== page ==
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13-Jul-2017 01:22

It is also spoken as a second language in northern Czech Republic and Slovakia, Hungary, western parts of Belarus and Ukraine, and central-western Lithuania.Because of the emigration from Poland during different time periods, most notably after World War II, millions of Polish speakers can be found in countries such as Israel, Australia, Argentina, Brazil, Canada, the United Kingdom, Ireland, and the United States.Polish is the official language of Poland, but it is also used throughout the world by Polish minorities in other countries.There are over 55 million Polish language speakers around the world and it is one of the official languages of the European Union.The geographical distribution of the Polish language was greatly affected by the territorial changes of Poland immediately after World War II and Polish population transfers (1944–46).Poles settled in the "Recovered Territories" in the west and north, which had previously been mostly German-speaking.Polish began to emerge as a distinct language around the 10th century, the process largely triggered by the establishment and development of the Polish state.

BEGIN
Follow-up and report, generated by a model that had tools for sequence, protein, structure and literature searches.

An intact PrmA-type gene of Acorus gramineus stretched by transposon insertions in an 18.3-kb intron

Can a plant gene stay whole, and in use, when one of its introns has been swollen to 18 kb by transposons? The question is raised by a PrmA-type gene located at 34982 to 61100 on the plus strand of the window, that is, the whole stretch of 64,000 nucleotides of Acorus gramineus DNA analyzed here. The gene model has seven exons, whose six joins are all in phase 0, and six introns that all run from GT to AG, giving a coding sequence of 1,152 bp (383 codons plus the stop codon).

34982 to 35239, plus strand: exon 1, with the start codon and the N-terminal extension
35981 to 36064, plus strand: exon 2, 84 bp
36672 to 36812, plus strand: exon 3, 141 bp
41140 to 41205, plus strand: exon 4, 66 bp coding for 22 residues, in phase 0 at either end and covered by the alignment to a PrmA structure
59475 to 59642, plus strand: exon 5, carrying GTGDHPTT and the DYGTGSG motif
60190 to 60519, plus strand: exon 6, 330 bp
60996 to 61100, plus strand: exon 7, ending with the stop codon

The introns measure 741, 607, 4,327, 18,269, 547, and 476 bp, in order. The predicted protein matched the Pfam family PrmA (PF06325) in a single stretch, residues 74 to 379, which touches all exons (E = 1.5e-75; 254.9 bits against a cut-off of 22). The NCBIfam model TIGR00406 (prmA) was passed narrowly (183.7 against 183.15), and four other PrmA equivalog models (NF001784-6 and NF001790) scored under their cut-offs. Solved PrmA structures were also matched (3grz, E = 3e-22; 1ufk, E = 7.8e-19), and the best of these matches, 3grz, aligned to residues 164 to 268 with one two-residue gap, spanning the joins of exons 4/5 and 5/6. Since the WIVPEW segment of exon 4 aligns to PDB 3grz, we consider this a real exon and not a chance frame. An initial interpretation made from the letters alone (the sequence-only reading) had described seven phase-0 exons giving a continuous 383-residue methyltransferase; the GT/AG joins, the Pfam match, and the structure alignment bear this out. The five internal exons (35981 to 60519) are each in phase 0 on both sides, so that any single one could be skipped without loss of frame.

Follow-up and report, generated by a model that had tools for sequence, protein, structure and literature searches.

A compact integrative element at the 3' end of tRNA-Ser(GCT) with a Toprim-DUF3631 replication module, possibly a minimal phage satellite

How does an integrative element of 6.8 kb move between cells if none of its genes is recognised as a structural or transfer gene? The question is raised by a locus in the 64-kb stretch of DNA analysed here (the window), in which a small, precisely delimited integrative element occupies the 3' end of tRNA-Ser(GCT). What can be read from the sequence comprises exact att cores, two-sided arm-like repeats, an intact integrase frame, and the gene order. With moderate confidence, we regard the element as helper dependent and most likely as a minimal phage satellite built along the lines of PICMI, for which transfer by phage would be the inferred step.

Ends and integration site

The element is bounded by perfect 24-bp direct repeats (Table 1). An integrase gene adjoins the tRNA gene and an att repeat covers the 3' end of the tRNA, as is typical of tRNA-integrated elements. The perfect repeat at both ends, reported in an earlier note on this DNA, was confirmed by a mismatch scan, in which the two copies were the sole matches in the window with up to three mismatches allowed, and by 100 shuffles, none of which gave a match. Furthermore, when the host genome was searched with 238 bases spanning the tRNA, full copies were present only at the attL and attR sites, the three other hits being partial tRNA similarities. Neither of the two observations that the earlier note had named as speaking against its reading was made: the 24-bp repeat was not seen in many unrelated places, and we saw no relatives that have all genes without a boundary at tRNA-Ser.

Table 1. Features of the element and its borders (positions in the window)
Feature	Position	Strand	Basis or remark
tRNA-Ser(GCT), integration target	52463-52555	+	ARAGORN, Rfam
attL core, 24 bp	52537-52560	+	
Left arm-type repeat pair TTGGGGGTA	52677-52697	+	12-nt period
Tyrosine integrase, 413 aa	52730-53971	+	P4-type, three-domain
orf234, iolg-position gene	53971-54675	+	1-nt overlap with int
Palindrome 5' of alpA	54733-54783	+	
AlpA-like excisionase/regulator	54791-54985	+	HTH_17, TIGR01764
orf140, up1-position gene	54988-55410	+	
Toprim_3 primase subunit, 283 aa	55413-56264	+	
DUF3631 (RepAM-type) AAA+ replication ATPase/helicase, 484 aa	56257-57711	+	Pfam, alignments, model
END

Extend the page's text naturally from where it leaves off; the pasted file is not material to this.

Poland is the most linguistically homogeneous European country; nearly 97% of Poland's citizens declare Polish as their first language.

In history, Polish is known to be an important language, both diplomatically and academically in Central and Eastern Europe.

Today, Polish is spoken by over 38.5 million people as their first language in Poland.

Some Poles remained in the previously Polish-ruled territories in the east that were annexed by the USSR, resulting in the present-day Polish-speaking minorities in Lithuania, Belarus, and Ukraine, although many Poles were expelled or emigrated from those areas to areas within Poland's new borders.

Meanwhile, the flight and expulsion of Germans (1944–50), as well as the expulsion of Ukrainians and Operation Vistula, the 1947 forced resettlement of Ukrainian minorities to the Recovered Territories in the west of the country, contributed to the country's linguistic homogeneity.This tendency toward a homogeneity also stems from the vertically integrated nature of the Polish People's Republic.